I've been mentioning album artwork more than I used to recently, and I see no reason to stop now. The music may be the most important aspect of an album, but artwork is something which I hold very dear, and good artwork can really be the cherry on top of an already great cake. I've definitely got a place in my heart more specifically for painted album art, especially, as is the case with this album, I can actually see the brush-strokes and texture of the painting if I look closely. Solid artwork often raises one's spirits before one even listens to the album at all, and I can safely say that when I first listened to the album the dark, uncrowded image gave me a real excitement for the music that was to come. Sometimes the artwork and music match one another really well, and this is certainly one of those albums; within seconds, the listener is engulfed in death metal which is rugged, dark, brooding and unapologetically old-school. Like many of their peers in the young old-school-death-metal scene, Krypts carry an atmosphere of real depth and magnitude - the chords and lead sections feel massive, with the haunted, groaning lead guitar especially lending a truly bleak, unforgiving and at times malign feel to the music. It feels like a triumphant and very much active dismissal of the hundreds of identical modern death-metal bands which still saturate the genre, and it's great to see young bands coming through the ranks, fiercely reconciling heaviness with tangible atmosphere, which is something which so many slam, brutal and technical bands know nothing of.
Unending Degradation sounds ancient, akin to the sound track of a tomb laden with cobwebs spun by spiders who had themselves died before time itself began; like the foul breath of an aeons-old ghoul raising itself from some sarcophagus in a decrepit sepulchre. The mid-to-low tempo doomy sections of the record, in particular, have a very urgent feeling accompanying them - they feel like they are narrating events of some kind, which is something that I find a lot of music forgets to do nowadays - there aren't riffs for the sake of riffs in Unending Degradation, instead there are riffs here to make the song feel like it's lyrics, and to make the song sound the way it should. The whole record feels like it's been crafted in that way, with the music and lyrics created in tandem, as opposed to vocals merely being superimposed over the top. There is an all-pervading sense of flow in the album, and while the tracks do not overlap in terms of theme, the album really feels complete, which is something that the rising old-school death metal bands have been doing very well indeed. The album is also particularly dynamic and memorable; Bands such as Binah, I find greatly enjoyable, but much harder to listen to, and indeed harder to remember. Krypts are, by contrast very memorable in terms of riff-work and the infections melodies not only help to devour the sun with their eerie darkness, but are also infectiously memorable. It also doesn't hurt that the band are very open to utilise whatever genre they see fit, with the occasional Bolt Thrower style groove or doom-metal style section - often an intro - really making the album diverge nicely from being of uniform tempo and character.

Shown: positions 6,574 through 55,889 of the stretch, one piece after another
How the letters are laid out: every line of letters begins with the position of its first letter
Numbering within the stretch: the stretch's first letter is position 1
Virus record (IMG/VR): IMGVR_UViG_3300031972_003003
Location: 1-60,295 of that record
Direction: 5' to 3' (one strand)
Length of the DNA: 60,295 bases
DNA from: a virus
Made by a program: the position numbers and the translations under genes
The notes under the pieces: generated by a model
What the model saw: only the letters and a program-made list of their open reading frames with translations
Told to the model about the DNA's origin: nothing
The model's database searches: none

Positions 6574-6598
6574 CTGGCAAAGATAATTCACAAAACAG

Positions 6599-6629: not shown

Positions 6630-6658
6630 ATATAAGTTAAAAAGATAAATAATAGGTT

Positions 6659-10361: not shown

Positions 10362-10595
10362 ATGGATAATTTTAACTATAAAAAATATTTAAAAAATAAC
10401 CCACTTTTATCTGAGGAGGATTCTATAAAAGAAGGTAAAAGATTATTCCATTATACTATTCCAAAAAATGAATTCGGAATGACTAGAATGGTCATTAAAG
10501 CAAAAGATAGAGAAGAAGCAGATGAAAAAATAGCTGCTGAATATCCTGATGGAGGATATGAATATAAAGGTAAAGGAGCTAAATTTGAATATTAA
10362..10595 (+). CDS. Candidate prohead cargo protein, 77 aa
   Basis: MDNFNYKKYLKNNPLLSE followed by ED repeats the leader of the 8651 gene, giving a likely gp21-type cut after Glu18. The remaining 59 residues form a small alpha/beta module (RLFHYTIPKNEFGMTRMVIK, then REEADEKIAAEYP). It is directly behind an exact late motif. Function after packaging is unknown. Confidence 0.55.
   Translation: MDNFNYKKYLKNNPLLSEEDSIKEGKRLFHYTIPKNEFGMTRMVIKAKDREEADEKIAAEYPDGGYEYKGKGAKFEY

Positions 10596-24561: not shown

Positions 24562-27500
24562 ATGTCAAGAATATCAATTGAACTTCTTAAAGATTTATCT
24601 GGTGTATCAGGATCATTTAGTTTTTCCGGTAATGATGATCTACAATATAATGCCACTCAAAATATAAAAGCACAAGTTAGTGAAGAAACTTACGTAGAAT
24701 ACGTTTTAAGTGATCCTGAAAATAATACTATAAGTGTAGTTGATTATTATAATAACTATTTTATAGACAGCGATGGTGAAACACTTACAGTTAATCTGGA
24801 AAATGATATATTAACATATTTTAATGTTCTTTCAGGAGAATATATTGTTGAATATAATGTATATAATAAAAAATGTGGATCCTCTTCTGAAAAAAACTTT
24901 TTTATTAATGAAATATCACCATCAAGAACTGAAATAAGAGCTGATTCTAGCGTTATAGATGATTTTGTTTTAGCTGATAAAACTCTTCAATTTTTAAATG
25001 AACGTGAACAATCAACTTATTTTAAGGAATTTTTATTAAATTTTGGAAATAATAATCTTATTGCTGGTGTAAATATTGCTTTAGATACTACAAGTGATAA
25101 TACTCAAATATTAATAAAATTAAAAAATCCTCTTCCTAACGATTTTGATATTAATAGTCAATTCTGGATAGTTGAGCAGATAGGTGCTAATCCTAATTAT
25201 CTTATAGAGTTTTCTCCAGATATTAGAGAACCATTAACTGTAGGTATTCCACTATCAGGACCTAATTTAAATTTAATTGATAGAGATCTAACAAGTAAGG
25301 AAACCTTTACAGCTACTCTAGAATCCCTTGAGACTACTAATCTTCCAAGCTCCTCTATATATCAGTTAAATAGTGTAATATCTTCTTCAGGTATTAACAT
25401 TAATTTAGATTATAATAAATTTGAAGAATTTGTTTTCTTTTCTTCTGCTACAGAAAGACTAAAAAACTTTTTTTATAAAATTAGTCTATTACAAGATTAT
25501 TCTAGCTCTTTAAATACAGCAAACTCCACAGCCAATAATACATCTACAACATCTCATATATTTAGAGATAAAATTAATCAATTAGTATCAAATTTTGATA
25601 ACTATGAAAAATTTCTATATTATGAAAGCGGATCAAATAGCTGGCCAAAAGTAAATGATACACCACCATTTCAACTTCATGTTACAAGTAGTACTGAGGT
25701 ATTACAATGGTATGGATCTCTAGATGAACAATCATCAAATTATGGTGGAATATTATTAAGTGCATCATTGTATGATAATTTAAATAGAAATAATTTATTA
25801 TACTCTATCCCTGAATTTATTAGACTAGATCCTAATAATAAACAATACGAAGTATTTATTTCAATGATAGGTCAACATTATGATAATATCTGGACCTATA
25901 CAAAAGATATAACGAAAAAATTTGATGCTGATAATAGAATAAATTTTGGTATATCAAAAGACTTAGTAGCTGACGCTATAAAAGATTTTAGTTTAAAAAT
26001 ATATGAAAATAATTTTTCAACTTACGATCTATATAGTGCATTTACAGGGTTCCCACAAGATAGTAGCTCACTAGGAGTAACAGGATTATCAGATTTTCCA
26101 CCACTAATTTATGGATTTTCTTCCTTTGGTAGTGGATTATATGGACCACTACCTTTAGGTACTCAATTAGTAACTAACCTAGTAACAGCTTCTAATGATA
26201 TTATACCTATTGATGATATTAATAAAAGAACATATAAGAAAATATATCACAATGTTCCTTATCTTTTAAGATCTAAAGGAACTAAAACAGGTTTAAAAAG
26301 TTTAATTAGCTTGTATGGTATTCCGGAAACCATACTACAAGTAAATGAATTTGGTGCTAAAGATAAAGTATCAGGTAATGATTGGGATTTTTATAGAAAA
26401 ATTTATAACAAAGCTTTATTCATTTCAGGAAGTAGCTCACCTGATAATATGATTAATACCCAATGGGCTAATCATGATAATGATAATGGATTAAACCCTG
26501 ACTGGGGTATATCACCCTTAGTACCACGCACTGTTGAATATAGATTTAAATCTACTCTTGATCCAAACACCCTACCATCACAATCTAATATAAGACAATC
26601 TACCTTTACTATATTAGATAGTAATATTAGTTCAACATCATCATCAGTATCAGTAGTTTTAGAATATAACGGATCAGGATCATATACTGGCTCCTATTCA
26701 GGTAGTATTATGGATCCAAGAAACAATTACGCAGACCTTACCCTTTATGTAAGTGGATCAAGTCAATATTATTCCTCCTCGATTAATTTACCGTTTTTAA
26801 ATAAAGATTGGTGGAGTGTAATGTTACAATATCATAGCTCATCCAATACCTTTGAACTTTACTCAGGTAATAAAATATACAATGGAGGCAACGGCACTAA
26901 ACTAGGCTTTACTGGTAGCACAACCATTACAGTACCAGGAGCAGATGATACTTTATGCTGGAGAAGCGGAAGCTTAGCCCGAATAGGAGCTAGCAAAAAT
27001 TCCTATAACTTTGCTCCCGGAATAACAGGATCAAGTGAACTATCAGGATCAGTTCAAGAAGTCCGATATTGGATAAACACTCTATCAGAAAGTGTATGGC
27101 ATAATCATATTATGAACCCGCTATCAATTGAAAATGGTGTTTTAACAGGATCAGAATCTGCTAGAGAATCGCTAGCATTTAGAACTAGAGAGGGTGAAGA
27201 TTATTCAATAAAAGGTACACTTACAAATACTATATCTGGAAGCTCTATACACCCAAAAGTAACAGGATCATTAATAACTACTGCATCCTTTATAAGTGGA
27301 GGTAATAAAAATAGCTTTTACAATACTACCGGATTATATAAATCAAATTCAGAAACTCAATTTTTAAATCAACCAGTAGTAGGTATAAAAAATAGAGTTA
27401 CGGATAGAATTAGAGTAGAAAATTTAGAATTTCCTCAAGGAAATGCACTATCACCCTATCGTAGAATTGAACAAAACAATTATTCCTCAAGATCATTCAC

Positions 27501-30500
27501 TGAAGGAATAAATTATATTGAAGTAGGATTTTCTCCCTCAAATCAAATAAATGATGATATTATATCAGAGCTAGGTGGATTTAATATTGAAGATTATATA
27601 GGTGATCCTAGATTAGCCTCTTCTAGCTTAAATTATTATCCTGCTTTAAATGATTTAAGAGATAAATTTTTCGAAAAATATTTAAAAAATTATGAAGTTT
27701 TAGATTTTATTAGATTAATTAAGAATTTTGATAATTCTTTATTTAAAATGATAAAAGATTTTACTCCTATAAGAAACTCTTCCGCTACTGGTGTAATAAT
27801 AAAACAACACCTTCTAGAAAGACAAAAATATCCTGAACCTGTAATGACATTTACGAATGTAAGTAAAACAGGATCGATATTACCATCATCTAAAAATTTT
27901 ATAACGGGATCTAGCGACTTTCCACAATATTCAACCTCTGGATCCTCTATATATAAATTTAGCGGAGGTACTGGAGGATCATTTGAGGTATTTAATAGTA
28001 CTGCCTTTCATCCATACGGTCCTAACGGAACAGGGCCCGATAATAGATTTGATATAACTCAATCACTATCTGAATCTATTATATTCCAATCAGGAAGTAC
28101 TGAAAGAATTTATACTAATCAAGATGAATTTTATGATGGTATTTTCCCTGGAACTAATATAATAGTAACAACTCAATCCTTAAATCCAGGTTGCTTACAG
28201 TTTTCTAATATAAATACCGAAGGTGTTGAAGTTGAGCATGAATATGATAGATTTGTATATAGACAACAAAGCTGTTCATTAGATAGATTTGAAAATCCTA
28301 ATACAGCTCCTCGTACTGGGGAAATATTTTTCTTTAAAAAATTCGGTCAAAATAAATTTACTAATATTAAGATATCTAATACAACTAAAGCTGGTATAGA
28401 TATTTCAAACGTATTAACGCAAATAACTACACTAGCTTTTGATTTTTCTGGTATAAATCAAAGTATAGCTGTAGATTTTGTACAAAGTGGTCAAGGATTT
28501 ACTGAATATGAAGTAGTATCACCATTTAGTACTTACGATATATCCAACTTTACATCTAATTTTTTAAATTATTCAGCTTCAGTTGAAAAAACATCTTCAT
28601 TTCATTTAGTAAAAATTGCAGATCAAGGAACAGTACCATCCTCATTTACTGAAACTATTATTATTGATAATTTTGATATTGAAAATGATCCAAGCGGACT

Of the old-school death metal revival bands I've discovered thus far, I'd venture to say that Krypts have been among my favourites. Unending Degradation is the sort of album I'd recommend to anyone who claims to be a fan of death-metal in general, and I can safely say it's been one of the most pleasing death-metal albums I've listened to this year so far. As I've said before, I'm only beginning to truly appreciate death-metal, and bands like Krypts are definitely helping.
I'm going to give this 9/10.
Krypts on Bandcamp
Krypts on Metal Archives